I write books I and others consider entertainment: good entertainment, fly-by-the-seat-of-your-drawers adventure. Fantasy you can believe in. I self-published them.
I did it because I could. Print on demand makes it possible to publish my books without paying upfront fees, earn good royalties on sales, and have the books available to a worldwide audience. I own the copyright for every bit of fiction I've ever written.
Self-publishing has a bad reputation. I think it has a bad reputation in large part because traditional publishing houses want it to have a bad reputation. The implication--sometimes not so implied--is that if a book was any good at all, it would have an imprint from a publishing house with a Manhattan address. Self-publishing also has a bad reputation, in my opinion, because of the vulture-like speed and persistence with which places that print self-published books strike. Want to see what one of those strikes looks like? Call the 800 # or send an email to one of them and see how fast they contact you to sell you on their services. I clocked one at 10 minutes after I sent an email--and I sent the email at 11:00 PM!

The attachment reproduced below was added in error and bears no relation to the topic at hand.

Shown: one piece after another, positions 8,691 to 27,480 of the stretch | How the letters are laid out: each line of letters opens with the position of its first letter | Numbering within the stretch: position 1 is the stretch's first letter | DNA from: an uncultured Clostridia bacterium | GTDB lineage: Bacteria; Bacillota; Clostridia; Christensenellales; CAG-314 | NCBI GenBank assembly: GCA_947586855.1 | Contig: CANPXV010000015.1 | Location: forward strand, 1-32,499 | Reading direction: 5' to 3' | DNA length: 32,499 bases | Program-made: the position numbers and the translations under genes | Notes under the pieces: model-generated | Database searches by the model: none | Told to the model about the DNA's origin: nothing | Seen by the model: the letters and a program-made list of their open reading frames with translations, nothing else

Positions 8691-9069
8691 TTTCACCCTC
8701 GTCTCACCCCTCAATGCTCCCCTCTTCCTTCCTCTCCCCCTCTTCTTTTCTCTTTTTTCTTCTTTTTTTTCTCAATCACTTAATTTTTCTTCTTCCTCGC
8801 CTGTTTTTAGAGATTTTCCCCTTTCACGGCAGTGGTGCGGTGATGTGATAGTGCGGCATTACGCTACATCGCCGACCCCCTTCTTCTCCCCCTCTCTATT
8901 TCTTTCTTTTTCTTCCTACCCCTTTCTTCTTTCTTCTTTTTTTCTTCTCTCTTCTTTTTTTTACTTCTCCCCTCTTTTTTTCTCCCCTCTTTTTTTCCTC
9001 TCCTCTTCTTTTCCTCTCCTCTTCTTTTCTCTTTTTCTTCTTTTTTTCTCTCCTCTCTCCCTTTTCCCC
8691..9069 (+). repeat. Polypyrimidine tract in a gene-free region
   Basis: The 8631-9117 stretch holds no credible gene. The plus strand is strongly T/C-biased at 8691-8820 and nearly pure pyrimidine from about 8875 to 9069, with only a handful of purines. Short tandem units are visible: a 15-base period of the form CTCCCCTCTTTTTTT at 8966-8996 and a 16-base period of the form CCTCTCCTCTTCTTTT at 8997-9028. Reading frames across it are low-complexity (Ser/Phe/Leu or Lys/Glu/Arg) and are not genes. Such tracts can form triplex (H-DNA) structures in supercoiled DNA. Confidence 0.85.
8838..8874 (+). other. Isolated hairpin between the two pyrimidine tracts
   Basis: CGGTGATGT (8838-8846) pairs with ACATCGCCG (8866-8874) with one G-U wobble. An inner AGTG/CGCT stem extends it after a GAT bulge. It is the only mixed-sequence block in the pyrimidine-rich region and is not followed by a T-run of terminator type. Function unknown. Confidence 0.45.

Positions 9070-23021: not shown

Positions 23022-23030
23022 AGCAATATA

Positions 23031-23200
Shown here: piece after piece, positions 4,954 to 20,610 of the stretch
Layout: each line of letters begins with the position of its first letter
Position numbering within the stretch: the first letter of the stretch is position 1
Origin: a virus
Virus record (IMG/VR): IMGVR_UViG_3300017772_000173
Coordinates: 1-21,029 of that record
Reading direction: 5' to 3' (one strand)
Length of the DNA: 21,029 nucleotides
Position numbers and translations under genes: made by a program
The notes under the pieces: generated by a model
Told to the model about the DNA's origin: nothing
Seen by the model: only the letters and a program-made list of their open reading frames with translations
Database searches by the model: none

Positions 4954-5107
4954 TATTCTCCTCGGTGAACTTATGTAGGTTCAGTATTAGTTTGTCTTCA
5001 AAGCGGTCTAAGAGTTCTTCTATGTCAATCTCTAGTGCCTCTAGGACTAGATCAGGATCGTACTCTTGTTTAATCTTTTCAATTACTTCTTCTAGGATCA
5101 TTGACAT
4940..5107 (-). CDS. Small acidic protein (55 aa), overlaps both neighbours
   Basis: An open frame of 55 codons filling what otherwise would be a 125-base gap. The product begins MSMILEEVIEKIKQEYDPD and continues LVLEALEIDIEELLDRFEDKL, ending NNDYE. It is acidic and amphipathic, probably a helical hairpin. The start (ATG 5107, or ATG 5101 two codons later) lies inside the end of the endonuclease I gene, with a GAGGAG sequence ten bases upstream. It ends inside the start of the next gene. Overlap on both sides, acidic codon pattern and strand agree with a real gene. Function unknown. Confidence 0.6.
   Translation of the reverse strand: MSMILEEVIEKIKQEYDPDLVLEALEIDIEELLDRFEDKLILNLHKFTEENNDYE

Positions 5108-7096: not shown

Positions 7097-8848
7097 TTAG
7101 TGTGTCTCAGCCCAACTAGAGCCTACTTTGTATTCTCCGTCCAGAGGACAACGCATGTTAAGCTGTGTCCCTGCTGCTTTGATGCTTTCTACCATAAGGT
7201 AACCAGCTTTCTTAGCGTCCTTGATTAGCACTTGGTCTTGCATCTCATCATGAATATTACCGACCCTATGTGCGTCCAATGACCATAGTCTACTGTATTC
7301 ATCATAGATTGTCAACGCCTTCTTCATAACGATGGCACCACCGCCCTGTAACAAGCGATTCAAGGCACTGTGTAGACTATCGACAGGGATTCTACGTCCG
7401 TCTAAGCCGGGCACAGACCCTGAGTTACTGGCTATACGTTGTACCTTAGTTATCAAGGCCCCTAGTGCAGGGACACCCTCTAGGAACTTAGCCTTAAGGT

There are advantages to having a publishing house publish your work. I won't kid you. If a publishing house called me tomorrow, I would give serious thought. I know that's not going to happen, and my plan involves having enough sales of self-published books to make a publisher take a serious look at my books. I'm sure there are publishing houses out there that won't touch a self-published book...but guess what. They don't need an official excuse to reject my work. I'm not going to worry about a traditional publisher rejecting my work because it's been self-published. Frankly, if they can't be confident that their house can't sell more books than I can as an individual, I sure as hell don't want to sell them my copyright.